On July 2, 2015, the Equal Employment Opportunity Commission celebrated its 50th birthday. The agency opened its doors on July 2, 1965, one year after President Lyndon B. Johnson signed the Civil Rights Act into law. Fifty years later, I sat in a room in the EEOC headquarters with several of the agency’s MVPs to celebrate the milestone.
One of the speakers was Eleanor Holmes Norton, who currently serves as Delegate to Congress for the District of Columbia. Before she served in Congress, though, Holmes Norton served as the first female Chair of the EEOC. She described her move into the office in 1977. “The painters came in to change the name on the door. I told them to leave ‘-man’ off of ‘chairman.’” Ever since then, the position has simply been called “Chair.” Holmes Norton joked, “I still have friends who won’t call me Eleanor. They’ll say, ‘Hi, Chair, how ya doing?’”
Today, the EEOC’s five Commissioner positions, Chair included, are all filled by women. I think that shows how far the agency, and employment discrimination law more generally, has come. The EEOC has been at the forefront of groundbreaking employment discrimination statutes, like the Age Discrimination in Employment Act and the Americans with Disabilities Act, and has further protected employee rights through its interpretive guidance, regulations, and litigation. This summer, I got to be a very small part of that.
During my summer internship with the Appellate Division of the EEOC’s Office of General Counsel, I have been surprised over and over at the richness and depth of employment discrimination law. Even after fifty years of enforcing employment discrimination statutes, there are still issues of first impression. That makes the work of the EEOC’s appellate lawyers particularly important and exciting. In some exciting cases, they get to ask themselves what the rule ought to be, and then build a compelling argument to back it up. And while they don’t always win, cases like Mach Mining v. EEOC and EEOC v. Abercrombie & Fitch from this year’s Supreme Court docket show that the EEOC’s appellate program has a huge impact on employees’ legal rights.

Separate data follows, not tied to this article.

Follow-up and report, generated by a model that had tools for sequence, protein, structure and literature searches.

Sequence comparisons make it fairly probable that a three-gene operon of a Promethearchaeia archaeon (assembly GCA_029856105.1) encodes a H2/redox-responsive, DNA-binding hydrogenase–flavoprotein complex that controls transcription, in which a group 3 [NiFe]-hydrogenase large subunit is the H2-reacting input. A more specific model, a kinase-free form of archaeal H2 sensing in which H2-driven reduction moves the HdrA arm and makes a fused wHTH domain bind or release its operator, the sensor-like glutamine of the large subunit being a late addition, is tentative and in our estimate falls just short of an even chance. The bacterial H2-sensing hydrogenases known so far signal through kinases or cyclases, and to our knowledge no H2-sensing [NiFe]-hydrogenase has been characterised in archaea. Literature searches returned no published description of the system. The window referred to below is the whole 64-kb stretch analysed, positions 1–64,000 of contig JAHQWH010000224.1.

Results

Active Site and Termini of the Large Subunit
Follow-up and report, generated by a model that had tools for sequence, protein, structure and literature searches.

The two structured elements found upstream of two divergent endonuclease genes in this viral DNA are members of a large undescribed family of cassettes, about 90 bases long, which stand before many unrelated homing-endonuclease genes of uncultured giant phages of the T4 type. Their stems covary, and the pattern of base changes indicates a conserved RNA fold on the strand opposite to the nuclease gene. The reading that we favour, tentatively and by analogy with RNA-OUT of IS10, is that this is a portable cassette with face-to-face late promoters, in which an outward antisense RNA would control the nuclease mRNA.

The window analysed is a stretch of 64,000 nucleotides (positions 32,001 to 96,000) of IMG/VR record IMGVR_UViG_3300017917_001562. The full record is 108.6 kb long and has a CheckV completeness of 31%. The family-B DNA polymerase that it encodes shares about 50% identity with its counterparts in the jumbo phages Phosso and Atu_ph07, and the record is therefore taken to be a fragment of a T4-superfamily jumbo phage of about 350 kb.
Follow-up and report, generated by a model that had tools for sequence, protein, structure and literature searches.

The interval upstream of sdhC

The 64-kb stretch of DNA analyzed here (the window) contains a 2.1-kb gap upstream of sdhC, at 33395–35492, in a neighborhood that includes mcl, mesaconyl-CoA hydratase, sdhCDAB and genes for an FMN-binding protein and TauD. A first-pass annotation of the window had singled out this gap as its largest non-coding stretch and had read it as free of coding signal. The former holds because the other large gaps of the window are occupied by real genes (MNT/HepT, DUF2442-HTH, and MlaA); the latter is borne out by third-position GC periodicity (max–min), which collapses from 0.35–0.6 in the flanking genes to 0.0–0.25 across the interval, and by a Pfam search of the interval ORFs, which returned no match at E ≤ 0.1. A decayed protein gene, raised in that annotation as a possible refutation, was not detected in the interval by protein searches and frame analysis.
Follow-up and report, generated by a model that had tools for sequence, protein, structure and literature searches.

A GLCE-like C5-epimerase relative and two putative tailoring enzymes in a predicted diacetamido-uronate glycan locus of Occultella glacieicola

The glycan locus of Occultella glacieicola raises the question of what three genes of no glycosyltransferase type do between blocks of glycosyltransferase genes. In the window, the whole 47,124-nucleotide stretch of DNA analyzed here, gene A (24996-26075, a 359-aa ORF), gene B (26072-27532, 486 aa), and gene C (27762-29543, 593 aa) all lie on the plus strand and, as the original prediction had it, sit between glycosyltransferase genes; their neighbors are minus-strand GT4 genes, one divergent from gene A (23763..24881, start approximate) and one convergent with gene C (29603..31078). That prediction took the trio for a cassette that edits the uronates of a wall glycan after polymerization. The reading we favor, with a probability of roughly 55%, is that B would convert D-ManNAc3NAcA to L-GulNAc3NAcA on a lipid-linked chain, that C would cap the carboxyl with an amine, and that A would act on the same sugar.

I feel truly lucky to have been a part of the EEOC’s fiftieth year, and can’t wait to see what the agency will do with the next fifty.
By Leah Tabbert, Human Rights Fellow, Summer 2015
Leah Tabbert is conducting her Human Rights Fellowship at the Equal Employment Opportunity Commission in Washington, D.C.